Journal of Population Economics

, Volume 30, Issue 4, pp 1355–1380 | Cite as

Sibling rivalry and gender gap: intrahousehold substitution of male and female educational investments from male migration prospects

Original Paper

Abstract

Improved migration prospects for men could have negative spillover effects on women. We use an exogenous change in an education-based policy for recruiting Nepali men to work in the British Army to examine the effect of new job prospects for men on the human capital of women within the same household. Men who were directly exposed to this change raised their education. These gains came at the expense of their female siblings, who lost 0.12 years of schooling and increased their participation in economic activities. This spillover accounts for a 8% decline in female education and widens the gender gap by 31%. For every additional year of education completed by men, female siblings “lose” 0.394 years of education. This gender spillover is more severe for poor and agricultural households that are more resource constrained.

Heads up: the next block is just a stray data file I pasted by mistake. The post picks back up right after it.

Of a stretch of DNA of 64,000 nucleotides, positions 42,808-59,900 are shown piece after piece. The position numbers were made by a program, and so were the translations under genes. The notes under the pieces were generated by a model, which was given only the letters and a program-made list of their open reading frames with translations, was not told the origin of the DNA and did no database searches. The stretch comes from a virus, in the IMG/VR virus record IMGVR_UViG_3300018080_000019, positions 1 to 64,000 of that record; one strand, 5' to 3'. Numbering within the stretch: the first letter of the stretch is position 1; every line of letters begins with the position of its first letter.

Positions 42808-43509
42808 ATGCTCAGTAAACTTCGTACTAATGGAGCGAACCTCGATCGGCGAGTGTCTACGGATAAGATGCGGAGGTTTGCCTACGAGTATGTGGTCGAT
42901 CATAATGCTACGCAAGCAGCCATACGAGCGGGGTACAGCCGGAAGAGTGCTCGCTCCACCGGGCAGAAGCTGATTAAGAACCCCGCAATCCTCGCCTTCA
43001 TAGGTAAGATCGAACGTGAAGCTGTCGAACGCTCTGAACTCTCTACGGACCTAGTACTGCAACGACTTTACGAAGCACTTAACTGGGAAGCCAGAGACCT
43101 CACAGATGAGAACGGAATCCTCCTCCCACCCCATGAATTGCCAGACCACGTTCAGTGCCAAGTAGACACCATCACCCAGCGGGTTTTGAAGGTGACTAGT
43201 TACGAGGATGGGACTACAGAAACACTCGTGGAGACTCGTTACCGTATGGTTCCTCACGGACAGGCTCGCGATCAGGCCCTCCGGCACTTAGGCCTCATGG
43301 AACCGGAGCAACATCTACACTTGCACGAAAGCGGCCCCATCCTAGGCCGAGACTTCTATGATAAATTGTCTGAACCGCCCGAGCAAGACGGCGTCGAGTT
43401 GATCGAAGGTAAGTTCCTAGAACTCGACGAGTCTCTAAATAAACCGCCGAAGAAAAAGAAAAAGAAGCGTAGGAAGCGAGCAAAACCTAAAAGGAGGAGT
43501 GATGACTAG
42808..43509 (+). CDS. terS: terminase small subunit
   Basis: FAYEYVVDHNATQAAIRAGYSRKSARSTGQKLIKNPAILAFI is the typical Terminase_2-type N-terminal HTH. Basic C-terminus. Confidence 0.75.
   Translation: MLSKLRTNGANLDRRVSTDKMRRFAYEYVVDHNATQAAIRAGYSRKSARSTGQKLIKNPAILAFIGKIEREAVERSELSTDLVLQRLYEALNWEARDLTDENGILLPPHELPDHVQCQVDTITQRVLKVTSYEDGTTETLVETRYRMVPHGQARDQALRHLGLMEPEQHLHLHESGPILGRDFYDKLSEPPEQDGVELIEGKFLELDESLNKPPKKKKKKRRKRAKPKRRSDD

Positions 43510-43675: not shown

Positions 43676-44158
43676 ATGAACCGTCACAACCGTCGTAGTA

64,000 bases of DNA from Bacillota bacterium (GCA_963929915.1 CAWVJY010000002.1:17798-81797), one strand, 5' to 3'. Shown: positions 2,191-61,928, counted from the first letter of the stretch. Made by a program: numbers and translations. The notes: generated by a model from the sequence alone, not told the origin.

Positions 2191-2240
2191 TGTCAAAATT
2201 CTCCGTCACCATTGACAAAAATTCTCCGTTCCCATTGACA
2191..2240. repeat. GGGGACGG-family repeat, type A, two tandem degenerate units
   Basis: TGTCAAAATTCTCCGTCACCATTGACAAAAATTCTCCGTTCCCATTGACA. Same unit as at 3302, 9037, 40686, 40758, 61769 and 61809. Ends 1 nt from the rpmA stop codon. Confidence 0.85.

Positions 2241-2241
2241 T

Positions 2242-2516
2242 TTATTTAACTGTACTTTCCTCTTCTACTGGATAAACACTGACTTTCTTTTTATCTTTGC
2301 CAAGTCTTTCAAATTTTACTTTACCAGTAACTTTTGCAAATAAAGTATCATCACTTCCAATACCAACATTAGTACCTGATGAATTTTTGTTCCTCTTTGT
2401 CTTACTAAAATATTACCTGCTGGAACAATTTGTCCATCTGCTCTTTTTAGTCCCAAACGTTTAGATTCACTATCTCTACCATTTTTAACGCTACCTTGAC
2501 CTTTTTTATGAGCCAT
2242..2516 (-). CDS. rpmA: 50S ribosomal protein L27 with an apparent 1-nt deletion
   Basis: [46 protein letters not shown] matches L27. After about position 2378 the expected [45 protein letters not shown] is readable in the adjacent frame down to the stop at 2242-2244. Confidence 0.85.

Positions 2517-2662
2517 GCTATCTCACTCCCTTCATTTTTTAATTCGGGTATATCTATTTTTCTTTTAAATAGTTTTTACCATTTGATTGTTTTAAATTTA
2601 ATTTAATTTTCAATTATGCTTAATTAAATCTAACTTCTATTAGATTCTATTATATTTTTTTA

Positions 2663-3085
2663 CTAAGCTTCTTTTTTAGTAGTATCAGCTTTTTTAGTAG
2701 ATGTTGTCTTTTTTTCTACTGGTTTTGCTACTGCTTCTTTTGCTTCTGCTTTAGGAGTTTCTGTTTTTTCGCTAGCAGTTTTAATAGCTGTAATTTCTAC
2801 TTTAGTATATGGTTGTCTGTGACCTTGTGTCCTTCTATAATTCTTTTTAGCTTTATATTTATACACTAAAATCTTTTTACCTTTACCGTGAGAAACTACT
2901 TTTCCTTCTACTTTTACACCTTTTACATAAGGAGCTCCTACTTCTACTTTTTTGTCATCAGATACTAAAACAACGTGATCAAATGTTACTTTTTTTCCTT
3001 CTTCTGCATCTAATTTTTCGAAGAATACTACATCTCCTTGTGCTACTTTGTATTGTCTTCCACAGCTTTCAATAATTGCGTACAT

Keywords

Migration Gender Gap Education Intrahousehold allocation 

JEL Classification

D13 F22 J16 O15 

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Copyright information

© Springer-Verlag Berlin Heidelberg 2017

Authors and Affiliations

  1. 1.Department of EconomicsNational University of SingaporeSingaporeSingapore
  2. 2.Poverty Global PracticeThe World BankWashingtonUSA

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